A few years ago (not many) I used to burn copper plates using acetic acid, a.k.a. vinegar. I was somewhat concerned about using stronger acids so it was OK to use another acid, even if it was soooo sloooow. If you were patient you could get to have decent boards using 50mil traces (or even thinner). But it required keeping a good temperature on the copper bath and regulating the ratio vinegar/hydrogen peroxide continuously, adding a little salt from time to time to speed things up.

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The vinegar biting the copper

One day I saw an article about cheap Chinese PCB fabs (I think it was DirtyPCB by Dangerous Prototypes) and I decided to design my own board and send it to fab. I used Eagle (I still use it although I’m learning KICAD) and the learning process was significant. But at the end I managed to get something. I learned to use copper pours, to correctly label the board, to create my own parts, to avoid auto-route, to use design rules and create gerbers,…

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And over time I have tested different fabs. I’m not an expert by any means but I wanted to write a bit about them here. The basic order I usually do is a 10 units, under 50x50mm board, 1.6mm thick, 1oz copper and HASL Lead Free due to RoHS rules in the EU. The prices and options below are based on these settings.

One more thing. I reckon these suppliers are good enough in most cases for small batches, testing boards or DIY projects. Some EE are concerned about the quality of the boards and they prefer EU-based (or US-based) fabs. I cannot offer a good reason to use these manufacturers here or to not use them in professional/industrial projects.

Smart Prototyping

Smart Prototyping (China) was the first fab I used. It offers affordable prices if you stick to their green PCBs. $9.9 for 10 boards is great. If you want to go red, blue, white… they will cost you $17.90. Uncommon colors like purple could go as high as $45 for 10 units. ENIG means $11 extra and 2oz copper is more than $30 more. Of course this is still pretty cheap.

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I have never had problems with the quality of the boards. And if I had problems with the boards it has always been a design error. They add an internal order number on the boards that can be annoying.

Their green PCBs are somewhat matte. You might want to ensure you have proper space around drills. The milled slots or cut-outs are kind of rough on the edges (but that’s not an issue) and the silkscreen looks like melted sugar (does anyone know the name of this technique?).

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Smart Prototyping offers stencils, PCB assembly and parts sourcing as well, but I have not used these products so I can’t tell.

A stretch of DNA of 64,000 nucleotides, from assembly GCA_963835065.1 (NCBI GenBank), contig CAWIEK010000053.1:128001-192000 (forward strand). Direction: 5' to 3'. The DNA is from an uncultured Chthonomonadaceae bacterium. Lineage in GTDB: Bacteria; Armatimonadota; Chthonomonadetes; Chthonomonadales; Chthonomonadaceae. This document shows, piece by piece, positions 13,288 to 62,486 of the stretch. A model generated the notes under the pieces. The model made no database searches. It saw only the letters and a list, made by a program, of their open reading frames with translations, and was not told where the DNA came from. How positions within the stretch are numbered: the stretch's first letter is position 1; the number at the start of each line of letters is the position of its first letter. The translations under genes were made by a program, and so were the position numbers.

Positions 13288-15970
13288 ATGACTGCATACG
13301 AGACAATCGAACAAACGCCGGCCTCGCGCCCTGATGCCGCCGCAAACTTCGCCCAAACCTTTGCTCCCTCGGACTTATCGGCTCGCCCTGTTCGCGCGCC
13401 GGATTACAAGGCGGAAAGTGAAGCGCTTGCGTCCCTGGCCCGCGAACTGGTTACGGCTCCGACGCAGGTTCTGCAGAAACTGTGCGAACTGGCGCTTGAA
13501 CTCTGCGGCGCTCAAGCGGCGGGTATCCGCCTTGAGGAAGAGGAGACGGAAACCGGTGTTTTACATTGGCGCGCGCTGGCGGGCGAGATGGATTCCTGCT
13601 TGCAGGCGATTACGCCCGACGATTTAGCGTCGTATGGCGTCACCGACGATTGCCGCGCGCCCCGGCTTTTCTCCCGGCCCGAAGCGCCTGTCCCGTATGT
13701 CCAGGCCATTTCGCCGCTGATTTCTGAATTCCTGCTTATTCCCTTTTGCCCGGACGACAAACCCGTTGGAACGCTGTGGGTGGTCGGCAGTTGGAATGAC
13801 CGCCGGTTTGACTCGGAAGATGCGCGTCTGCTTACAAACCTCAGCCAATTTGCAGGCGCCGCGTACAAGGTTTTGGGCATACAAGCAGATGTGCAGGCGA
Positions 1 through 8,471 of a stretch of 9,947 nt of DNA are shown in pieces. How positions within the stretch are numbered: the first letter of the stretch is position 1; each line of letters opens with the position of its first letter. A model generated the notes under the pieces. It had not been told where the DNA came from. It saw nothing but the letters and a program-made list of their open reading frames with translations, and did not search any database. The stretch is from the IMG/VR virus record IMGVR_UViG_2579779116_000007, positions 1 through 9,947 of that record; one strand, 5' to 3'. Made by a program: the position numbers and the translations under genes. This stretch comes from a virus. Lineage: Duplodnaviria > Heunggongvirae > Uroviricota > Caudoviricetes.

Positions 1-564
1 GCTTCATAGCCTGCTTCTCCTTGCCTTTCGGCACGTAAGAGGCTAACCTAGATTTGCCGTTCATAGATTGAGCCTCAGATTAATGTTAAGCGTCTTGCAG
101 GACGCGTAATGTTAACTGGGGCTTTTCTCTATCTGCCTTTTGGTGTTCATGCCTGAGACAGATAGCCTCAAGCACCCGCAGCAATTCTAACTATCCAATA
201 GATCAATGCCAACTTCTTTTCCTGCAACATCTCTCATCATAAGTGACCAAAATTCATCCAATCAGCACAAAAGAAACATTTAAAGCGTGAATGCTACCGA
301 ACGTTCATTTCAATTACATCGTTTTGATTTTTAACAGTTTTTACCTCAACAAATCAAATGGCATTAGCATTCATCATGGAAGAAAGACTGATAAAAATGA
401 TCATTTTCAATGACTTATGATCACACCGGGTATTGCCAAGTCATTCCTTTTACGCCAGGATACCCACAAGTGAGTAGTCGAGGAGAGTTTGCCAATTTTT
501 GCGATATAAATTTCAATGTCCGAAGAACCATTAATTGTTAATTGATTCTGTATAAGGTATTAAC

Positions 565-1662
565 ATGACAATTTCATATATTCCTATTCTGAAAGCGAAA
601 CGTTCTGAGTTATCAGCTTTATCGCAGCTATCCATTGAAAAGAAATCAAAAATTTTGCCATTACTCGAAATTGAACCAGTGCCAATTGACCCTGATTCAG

SeeedStudio

SeeedStudio (China, with offices in Japan and the USA) is very well known for it’s bazaar, a place where you can find lots of low and high tech products for your next project. But also has the Fusion service, where they provide affordable PCB prototyping as well as PCBA (Assembly) services.

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Price is a bit higher than with Smart Prototyping but they do not charge extra for color PCBs, so if you want something different from green Seeed’s options is cheaper. ENIG will cost you $15 extra and 2oz copper will cost you more than $30 extra.

A good thing for those of us to whom double or triple checking is never enough is that it has a gerbers viewer where you can see how the board will look like. I have gone back to the CAD a lot of times after checking the visual aspect of the board.

The milling is cleaner than with Smart Prototype service. The silkscreen is dotted and that means characters look crispier but sometimes lines look pixelated or having different widths along the line. Drill holes have a fair margin around without copper, silkscreen or any other layer, just silicon. The overall feeling is really good.

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SeeedStudio’s PCBA service is so easy to use! It doesn’t have a fixed starting cost as with Smart Prototype’s one and you can get a online quote if you only use parts from their OPL (Open Parts Library) which has 600 common parts. They source the part and assembly it. You can always use a part using it’s manufacturer reference but then I think they will quote your order manually. I have used it to populate hard to hand-solder BGA packages and it’s worth it. Well basically sometimes it’s the difference between being able to fulfill the project or not being able to. Highly recommended.